Posts Tagged ‘Biggio is #13 on the All Time AB List’

Biggio is #13 on the All Time AB List

November 30, 2017

“Old hitters never die,
They just bang away!”

 

Biggio is #13 on the All Time AB List

If you are an exceptional position player, one who is a great contact hitter, and also one who stays healthy over time, compiling a large total of official time at bat is one career statistic that you shall be assured of racking up on a high digit basis.

In the history of baseball, only 27 players in MLB history have reached and surpassed the five digit figure of 10,000 official at bats and only Craig Biggio, so far, represents the Houston Astros on that countable side of the ledger.

With 10,876 official times at bat beside his name – and also as an “Only Astros” career (1988-2007) player – Craig Biggio checks in at the # 13 spot on the all time list.

If you care to check out the complete list of earnest baseball souls – or meditate through the other fanciful record comparisons at Baseball Almanac, you may wish to click the following link and dedicate the rest of the day to that little hungry fugue into the baseball research project germination room that you shall find there:

http://www.baseball-almanac.com/hitting/hiatbat1.shtml

Here’s the part of the table that applies to Mr. Biggio’s participation in the all time “at bats” list:

At-Bats / All Time Leaders Excerpt

‘Top 1,000’ Source: Baseball Almanac.Com

Pete Rose 14,053 1
Hank Aaron 12,364 2
Carl Yastrzemski 11,988 3
Cal Ripken, Jr. 11,551 4
Ty Cobb 11,434 5
Eddie Murray 11,336 6
Derek Jeter 11,195 7
Robin Yount 11,008 8
Dave Winfield 11,003 9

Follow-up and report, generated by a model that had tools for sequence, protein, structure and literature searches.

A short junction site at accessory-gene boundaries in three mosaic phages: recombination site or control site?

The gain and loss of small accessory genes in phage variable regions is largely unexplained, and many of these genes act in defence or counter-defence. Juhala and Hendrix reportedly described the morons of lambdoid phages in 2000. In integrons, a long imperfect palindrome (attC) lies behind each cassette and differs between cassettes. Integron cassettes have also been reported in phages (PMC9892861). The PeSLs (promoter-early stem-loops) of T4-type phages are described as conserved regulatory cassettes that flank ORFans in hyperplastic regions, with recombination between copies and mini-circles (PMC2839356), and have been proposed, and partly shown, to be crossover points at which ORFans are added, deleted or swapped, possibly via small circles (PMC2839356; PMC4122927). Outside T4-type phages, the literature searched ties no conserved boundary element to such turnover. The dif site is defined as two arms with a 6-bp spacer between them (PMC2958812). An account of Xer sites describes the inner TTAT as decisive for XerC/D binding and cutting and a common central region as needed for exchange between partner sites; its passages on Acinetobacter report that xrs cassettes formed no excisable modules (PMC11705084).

Stan Musial 10,972 10
Rickey Henderson 10,961 11
Willie Mays 10,881 12
Craig Biggio 10,876 13

Again, here are a few questions that sometimes help, if you are looking for a research topic to write about or discuss.

1) Is there anything in the page on screen that simply jumps out and shouts, “Hey! Here I am! Research and write about me?”

2) Are some of the other names on the list pulling you to write about something with them that you  haven’t already read elsewhere, many times over?

3) Beyond his exceptional ability, stamina, and career health, what does Craig Biggio’s 10,876 times at bat and 13th spot on the all time list say to us about Craig Biggio?

And, I guess that last question about Biggio contains an answer that applies to just about every name on these “all timer” lists. Every one of these Hall of Fame quality players cared enough about baseball to give the game “a commitment of effort over time with positive results.” Every player on this list, no matter how they differed by personality and social compatibility, was a man who gave himself to the game of baseball in his own unique way.

Think of Craig Biggio’s accomplishment here in this light. Of the few dozen handfuls over 15,000 that have played declared and rated major league baseball since 1871, only an identified single dozen players have played the game at this highest level and achieved a greater number of times at bat than Biggio’s 10,876 official trips to the plate. And, like Biggio, all but 2 of the 12 players with higher At Bat totals are inducted members of the Baseball Hall of Fame. At Bats Leader Pete Rose, of course, remains outside the HOF for reasons tied to his ban from the game for gambling on baseball during his career. AB List #7 man, Derek Jeter,  is still too newly retired from active playing status to be on the ballot for deserved induction into the Hall.

Greatness and longevity. Craig Biggio had both. And that’s what he gave us as a twenty-year member of the Houston Astros.

 

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Bill McCurdy

Principal Writer, Editor, Publisher

The Pecan Park Eagle